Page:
In cases where there is a deficient or absent patella, or significant retraction of patella where mobilization is not adequate or significantly poor quality of extensor mechanism tissue, the whole extensor mechanism allograft is particularly useful.2,3 This allograft can be also be used routinely for all extensor mechanism disruptions. This is performed through a midline incision and the existing extensor mechanism is divided into two halves (medial and lateral). Any existing patella will be bi-valved and resected. This provides the base to accept the allograft. The proximal tibia of the allograft is prepared into a rectangular shape and press fit through a contoured trough in the patient’s proximal tibia. This is then secured using cerclage wires. To create maximal tension, the allograft is pulled proximally and the patient’s quadriceps tendon is pulled distally using heavy sutures. They are sutured together with the quadriceps tendon overlying the allograft using heavy sutures. The remaining lateral and medial flaps of the extensor mechanism are then closed over and sutured to the underlying allograft. The allograft patella is not resurfaced as it is insensate. Allografts should also be non-irradiated and fresh frozen as freeze-dried allograft has inferior outcomes and a higher complication rate.2 Reconstruction using whole extensor mechanism allograft (tibial bone stock, patella tendon, patella and quadriceps tendon) has been shown to improve extensor lag and functional outcomes, but it carries a high re-operation rate.32,33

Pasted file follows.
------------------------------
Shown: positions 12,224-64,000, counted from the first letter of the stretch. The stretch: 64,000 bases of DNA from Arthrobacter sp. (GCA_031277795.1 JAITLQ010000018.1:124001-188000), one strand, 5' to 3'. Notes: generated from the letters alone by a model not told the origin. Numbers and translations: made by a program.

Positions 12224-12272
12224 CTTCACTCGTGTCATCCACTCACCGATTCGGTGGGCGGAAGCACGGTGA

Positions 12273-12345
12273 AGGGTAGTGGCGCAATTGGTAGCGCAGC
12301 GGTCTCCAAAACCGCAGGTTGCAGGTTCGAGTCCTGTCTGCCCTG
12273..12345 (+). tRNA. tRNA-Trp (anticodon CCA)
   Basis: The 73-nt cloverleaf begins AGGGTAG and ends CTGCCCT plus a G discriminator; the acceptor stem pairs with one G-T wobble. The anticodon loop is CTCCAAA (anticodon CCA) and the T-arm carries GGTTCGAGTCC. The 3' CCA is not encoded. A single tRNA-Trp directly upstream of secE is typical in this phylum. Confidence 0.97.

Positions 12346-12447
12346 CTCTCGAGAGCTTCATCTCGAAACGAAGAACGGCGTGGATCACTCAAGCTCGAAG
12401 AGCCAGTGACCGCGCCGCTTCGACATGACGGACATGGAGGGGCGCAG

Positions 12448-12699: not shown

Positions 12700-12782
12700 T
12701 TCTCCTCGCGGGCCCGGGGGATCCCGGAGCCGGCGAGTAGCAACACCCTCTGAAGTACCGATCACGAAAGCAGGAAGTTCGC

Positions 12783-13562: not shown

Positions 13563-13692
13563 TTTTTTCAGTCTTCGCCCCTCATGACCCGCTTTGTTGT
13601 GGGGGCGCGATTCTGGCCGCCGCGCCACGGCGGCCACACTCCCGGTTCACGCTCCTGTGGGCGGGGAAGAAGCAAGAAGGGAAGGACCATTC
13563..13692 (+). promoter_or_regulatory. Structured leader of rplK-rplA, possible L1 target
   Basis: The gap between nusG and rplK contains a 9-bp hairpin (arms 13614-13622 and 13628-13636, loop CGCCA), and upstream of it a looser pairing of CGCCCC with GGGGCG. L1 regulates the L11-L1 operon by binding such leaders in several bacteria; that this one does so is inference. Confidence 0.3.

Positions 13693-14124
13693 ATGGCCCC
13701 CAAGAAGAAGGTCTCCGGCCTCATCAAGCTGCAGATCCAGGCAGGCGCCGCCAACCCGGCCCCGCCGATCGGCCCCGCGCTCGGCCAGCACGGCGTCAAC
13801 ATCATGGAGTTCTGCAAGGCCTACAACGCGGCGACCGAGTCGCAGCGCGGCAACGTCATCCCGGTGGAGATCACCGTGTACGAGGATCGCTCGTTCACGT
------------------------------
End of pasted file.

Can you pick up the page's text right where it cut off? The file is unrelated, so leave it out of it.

Synthetic graft

Browne and Hanssen34 described using a synthetic mesh (Marlex mesh, C.R. Bard, Murray Hill, New Jersey, USA) to reconstruct chronic patella tendon rupture. The mesh is fixed onto the proximal tibia through a small trough and secured with bone cement and screw fixation. The mesh is then tunnelled through the patella tendon and secured proximally with overlapping of the quadriceps tendon. Their study included 13 patients with chronic patella tendon rupture, all treated with mesh reconstruction. Nine out of 13 (69%) had good outcomes with < 10° extensor lag and no progressive loss of extension. Three had failures within six months and one had recurrent infection. The authors emphasized the benefits of using a synthetic material, which include cost, availability, immune reaction, disease transmission and stretching of allograft causing progressive extensor lag over time.34 A subsequent publication by the same group demonstrated 84% of 77 patients who underwent extensor mechanism reconstruction using synthetic mesh have intact reconstruction with excellent functional outcome at a mean follow-up period of four years.35